In 367, the Roman Emperor Valens attacked the Thervingi (a Gothic people) north of the Danube river. However, he was unable to hit them directly, because apparently the bulk of the Goths retreated to the Montes Serrorum. Marcellinus says that Valens could not find anyone to fight with (nullum inveniret quem superare poterat vel terrere) and even implies that all of them fled, horror-struck, to the mountains (omnes formidine perciti... montes petivere Serrorum). It was described as only accessible to "exceedingly" familiar with the surroundings, thus the Roman troops were unable to achieve anything.
The mountain is probably in the southeastern Carpathians. Matei Cazacu (1972) tried to precisely locate it to the Siriul mountain range that divides Transylvania from Wallachia, in the Buzău valley. Wanke (1990) was sceptical to Cazacu's attempt. The toponym has been connected to the Serri tribe mentioned by Pliny the Elder (23–79) in Naturalis Historia, although this seems unlikely. Slovene anthropologist Niko Županič (1876–1961) treated the toponym as evidence of "Serb presence in Dacia", and this view was supported by Ivo Vukcevich (2001), in turn discredited by Florin Curta. Konstantin Jireček (1854–1918) also connected the toponym with Pliny's Serri, who according to him were "Caucasian Serbs".Murfatlar Cave Complex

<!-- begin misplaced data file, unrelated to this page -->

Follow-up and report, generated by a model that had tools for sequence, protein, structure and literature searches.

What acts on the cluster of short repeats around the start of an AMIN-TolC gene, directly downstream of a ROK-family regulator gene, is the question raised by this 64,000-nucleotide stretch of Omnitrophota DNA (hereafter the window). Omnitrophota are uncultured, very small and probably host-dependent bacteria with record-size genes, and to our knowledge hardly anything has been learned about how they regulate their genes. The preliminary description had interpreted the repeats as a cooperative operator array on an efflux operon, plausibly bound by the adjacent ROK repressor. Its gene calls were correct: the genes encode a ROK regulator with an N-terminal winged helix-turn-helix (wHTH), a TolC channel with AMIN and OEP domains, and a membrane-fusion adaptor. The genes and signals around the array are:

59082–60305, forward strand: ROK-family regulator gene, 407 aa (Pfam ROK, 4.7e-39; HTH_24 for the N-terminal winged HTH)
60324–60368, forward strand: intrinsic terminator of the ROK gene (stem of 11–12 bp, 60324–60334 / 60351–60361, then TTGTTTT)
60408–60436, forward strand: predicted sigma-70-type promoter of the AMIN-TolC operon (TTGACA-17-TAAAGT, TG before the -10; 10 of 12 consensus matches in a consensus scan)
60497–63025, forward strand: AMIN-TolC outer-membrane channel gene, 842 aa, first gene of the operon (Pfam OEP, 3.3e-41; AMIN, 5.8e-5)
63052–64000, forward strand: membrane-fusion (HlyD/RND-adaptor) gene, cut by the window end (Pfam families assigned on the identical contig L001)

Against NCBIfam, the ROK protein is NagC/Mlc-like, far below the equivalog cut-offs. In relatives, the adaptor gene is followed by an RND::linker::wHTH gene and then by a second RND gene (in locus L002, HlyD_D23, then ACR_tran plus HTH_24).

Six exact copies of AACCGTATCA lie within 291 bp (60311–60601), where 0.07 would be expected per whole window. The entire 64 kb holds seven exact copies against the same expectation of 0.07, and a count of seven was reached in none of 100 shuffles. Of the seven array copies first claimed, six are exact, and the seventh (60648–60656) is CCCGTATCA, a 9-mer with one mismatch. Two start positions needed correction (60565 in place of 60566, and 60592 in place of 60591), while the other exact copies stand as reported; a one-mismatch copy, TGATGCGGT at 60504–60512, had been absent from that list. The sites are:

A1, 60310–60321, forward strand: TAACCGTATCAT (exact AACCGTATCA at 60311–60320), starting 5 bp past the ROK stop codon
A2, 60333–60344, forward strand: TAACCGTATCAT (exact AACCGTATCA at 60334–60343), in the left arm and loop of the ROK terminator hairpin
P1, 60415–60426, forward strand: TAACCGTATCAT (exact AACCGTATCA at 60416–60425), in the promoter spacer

The Basarabi-Murfatlar Cave Complex is a medieval Christian monastery located near the town of Murfatlar (known as Basarabi between 1924–1965 and 1975–2007), Constanța County, Northern Dobruja, Romania. The Complex is a relict from a widespread monastic phenomenon in a 10th century Bulgaria.Nicholas (komes)
The komes ("count") Nicholas Bulgarian: Никола was a local ruler in Bulgaria, probably of Armenian origin, and progenitor of the Cometopuli ("the sons of the count") dynasty.Old Great Bulgaria
Old Great Bulgaria or Great Bulgaria (Byzantine Greek: Παλαιά Μεγάλη Βουλγαρία, Palaiá Megálē Voulgaría), also often known by the Latin names Magna Bulgaria and Patria Onoguria ("Onogur land"), was a 7th century state formed by the Onogur Bulgars on the western Pontic-Caspian steppe (modern southern Ukraine and southwest Russia). Great Bulgaria was originally centred between the Dniester and lower Volga.
The original capital was Phanagoria on the Taman Peninsula between the Black and Azov seas. In the mid-7th century, Great Bulgaria expanded west to include Avar territory and was centered in Poltava. During the late 7th century, however, an Avar-Slavic alliance in the west, and Khazars in the east, defeated the Bulgars and the Great Bulgaria disintegrated. Successor states included Volga Bulgaria and the First Bulgarian Empire .Penkovka culture